Putting The Social in Social Media
Recently, we have been sharing insights on some best practices regarding social media. This time, we’re going to discuss the primary function of social media: engagement. Engagement is simply how you interact with your audience and whether or not you are able to develop a relationship with them. Engagement is also one of the most important and resource-consuming aspects of using social media as a tool for marketing and the promotion of your services.
Understanding How Social Media Works
While best practices are to post (depending on platform) multiple times a day, the real work comes in the form of deciding not only what to post, but where to post it. Using social media as a marketing tool, requires you not only post on your own social media, but on other individuals’ and business’ social media as well. Social media is a conversation between you and your clients, current or potential. Unfortunately for many businesses, social media is used primarily to only to talk to themselves.
Successful social media encourages people to listen and recognize your value as an expert worth listening to. When you post, do you post content which would be considered valuable and worth sharing? Or instead, do you mostly post birthday wishes, cat memes and other content, which while displaying your personality, is also personal and may be of little value to an outside audience? Social media is by nature a place for developing shared experiences.
The fundamental question is how seriously does your business take social media? Social media has grown beyond the days of being a way to just keep in touch with distant relatives and old school mates. Now it is the primary means of communication between society and businesses.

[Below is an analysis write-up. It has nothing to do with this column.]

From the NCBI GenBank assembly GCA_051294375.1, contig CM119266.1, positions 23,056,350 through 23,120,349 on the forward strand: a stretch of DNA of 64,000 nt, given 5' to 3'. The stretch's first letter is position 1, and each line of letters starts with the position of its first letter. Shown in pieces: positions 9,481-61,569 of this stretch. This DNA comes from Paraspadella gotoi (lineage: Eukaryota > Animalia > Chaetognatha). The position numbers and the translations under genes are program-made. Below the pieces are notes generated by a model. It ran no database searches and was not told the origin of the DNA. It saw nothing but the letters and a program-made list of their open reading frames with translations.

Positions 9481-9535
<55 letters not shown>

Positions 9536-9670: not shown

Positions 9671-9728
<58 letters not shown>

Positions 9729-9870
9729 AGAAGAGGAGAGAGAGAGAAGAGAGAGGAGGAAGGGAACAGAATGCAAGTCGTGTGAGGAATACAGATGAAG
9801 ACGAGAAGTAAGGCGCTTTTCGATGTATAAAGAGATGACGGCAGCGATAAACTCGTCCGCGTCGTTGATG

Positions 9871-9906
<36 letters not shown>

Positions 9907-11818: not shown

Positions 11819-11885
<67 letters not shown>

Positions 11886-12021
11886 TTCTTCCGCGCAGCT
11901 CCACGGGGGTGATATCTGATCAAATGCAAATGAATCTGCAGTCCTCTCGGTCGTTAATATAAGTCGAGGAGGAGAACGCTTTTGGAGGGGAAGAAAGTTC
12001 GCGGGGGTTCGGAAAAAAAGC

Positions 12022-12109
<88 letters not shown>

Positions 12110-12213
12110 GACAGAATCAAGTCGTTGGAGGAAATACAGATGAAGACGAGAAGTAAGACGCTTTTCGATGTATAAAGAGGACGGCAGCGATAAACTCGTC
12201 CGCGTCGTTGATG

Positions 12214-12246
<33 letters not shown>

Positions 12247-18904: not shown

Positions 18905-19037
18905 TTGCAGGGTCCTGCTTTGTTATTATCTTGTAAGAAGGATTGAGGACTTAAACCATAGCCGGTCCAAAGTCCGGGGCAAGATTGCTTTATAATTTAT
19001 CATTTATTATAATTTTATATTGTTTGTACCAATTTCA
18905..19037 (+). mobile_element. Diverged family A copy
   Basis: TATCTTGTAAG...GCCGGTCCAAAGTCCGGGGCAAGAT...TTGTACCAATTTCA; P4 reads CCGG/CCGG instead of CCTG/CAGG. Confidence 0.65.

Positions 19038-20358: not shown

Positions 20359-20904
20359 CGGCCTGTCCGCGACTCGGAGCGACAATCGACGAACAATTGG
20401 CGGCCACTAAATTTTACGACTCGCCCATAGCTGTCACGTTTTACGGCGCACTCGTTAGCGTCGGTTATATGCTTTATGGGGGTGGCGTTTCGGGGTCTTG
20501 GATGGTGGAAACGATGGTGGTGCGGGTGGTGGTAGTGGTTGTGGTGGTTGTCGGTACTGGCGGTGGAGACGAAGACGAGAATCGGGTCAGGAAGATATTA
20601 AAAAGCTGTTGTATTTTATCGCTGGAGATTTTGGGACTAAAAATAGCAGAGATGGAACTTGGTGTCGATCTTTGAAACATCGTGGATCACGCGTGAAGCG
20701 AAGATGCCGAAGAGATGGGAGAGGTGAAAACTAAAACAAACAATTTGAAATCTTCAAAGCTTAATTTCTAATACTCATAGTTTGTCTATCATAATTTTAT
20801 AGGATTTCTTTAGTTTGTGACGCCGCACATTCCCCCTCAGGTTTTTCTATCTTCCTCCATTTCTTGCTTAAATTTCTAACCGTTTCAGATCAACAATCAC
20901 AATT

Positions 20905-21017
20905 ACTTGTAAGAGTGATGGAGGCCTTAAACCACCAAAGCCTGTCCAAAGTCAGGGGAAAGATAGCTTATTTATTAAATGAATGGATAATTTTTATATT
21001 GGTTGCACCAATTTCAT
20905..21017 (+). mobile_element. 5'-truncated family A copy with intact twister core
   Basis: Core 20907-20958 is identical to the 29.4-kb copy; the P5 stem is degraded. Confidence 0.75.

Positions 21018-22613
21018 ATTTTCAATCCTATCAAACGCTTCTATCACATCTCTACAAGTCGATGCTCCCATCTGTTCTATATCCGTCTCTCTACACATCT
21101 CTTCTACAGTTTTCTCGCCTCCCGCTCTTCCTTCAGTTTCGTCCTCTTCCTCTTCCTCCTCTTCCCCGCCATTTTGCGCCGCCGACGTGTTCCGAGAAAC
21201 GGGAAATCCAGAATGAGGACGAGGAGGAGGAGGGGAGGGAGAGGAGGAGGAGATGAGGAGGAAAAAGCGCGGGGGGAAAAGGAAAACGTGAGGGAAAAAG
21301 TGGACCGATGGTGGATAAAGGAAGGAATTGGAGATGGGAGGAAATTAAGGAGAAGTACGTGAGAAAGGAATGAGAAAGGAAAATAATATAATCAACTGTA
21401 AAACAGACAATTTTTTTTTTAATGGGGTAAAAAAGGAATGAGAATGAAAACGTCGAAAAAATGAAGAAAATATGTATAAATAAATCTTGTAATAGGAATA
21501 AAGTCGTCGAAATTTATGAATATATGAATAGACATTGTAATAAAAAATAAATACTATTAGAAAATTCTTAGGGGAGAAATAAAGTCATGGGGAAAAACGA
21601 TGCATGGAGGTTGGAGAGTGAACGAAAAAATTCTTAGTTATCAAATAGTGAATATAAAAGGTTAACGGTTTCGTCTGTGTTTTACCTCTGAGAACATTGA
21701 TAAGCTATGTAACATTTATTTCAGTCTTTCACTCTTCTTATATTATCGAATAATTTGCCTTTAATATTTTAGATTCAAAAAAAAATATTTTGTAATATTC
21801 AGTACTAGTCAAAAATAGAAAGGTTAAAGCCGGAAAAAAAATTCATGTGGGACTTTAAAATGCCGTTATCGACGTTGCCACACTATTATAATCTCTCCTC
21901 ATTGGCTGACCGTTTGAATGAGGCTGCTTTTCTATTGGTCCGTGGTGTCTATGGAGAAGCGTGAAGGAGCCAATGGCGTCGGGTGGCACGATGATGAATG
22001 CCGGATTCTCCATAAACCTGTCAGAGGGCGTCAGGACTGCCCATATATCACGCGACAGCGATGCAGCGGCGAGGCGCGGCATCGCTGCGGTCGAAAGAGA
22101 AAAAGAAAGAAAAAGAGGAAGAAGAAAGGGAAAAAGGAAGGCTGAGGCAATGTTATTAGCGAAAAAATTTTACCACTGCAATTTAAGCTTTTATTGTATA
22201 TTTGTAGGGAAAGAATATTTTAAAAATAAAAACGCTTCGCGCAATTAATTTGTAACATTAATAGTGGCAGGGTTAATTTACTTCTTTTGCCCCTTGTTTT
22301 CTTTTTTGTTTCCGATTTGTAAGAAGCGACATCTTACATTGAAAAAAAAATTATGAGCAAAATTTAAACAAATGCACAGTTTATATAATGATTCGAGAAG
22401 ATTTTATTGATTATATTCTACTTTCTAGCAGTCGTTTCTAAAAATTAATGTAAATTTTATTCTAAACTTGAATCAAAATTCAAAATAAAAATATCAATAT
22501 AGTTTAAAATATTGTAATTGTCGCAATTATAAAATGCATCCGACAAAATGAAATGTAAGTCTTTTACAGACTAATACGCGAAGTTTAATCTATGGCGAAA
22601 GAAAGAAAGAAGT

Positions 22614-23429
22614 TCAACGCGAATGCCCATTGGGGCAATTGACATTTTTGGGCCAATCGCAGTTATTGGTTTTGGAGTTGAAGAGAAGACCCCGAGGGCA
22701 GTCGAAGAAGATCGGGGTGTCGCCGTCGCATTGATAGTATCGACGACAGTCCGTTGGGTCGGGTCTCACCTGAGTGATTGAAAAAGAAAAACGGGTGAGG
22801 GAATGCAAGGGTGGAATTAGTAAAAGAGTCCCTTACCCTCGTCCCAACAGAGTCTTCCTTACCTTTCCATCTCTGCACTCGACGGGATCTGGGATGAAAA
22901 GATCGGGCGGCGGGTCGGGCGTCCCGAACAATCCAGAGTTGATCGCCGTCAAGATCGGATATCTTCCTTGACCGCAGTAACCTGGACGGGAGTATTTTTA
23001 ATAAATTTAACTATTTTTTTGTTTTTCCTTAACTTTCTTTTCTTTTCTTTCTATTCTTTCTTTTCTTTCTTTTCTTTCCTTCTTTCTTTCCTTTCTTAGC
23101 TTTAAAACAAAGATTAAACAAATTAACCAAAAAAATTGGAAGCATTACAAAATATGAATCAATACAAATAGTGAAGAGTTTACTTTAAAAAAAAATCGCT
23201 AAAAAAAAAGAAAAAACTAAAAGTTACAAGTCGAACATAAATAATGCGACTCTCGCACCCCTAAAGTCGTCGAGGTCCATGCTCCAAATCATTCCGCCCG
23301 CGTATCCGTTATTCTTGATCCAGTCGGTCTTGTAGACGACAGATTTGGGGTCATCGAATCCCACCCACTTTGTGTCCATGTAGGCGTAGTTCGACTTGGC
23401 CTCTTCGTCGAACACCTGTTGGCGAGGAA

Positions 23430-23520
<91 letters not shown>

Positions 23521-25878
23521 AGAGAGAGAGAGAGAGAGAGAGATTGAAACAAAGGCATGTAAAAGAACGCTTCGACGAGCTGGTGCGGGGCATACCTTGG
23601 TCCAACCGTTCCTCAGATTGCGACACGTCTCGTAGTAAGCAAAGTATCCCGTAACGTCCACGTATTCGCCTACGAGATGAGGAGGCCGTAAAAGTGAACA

Many Options to Choose From
There are a wide variety of social media platforms available. The one thing to recognize is there is no shortage of opportunities to get your message out to interested parties. You just need to take the time to determine which platform is best for you. For example, if you’re providing instruction, then a visual based platform such as YouTube may be a better fit than a webpage with of a wall of text.
Social media platforms can be broken down into four basic areas:
- Social Networking: Facebook, Linkedin, Google+
- Microblogging: Twitter, Tumblr
- Photo Sharing: Instagram, Pinterest
- Video Sharing: YouTube, Periscope
These listings are just a small example, there are many more platforms out there. While they may be different in execution and design, all social media can be used to drive traffic to your website or landing page. Once there, you have a greater chance to convert visitors into clients; but you have to get them there first. Unfortunately, there’s no magic bullet, but if you promote it and provide value, they will come.
How Does Blogging Fit In?
Blogging is an important part of the social media ecosystem, as the content contained within a blog can be used to start a conversation. However, successful blogs rely on social media to act as its ‘marketing department,’ whose goal is to promote the blog. Social media is the mechanism which promotes your blog, and the content on your blog supports the value of your social media posts. It is a symbiotic relationship, but one which requires activity on social media, in order for the process to be successful. If you’re not active on social networks, then no one will read your blog content (no matter how good it is) because they won’t know it exists. If they don’t know it exists, how will they find your site? Moreover, how do you increase your opportunities to attract the best candidate with the most potential to convert? Don’t set yourself up for failure, you can’t hope someone will just find you. You need to give them a reason to look for you.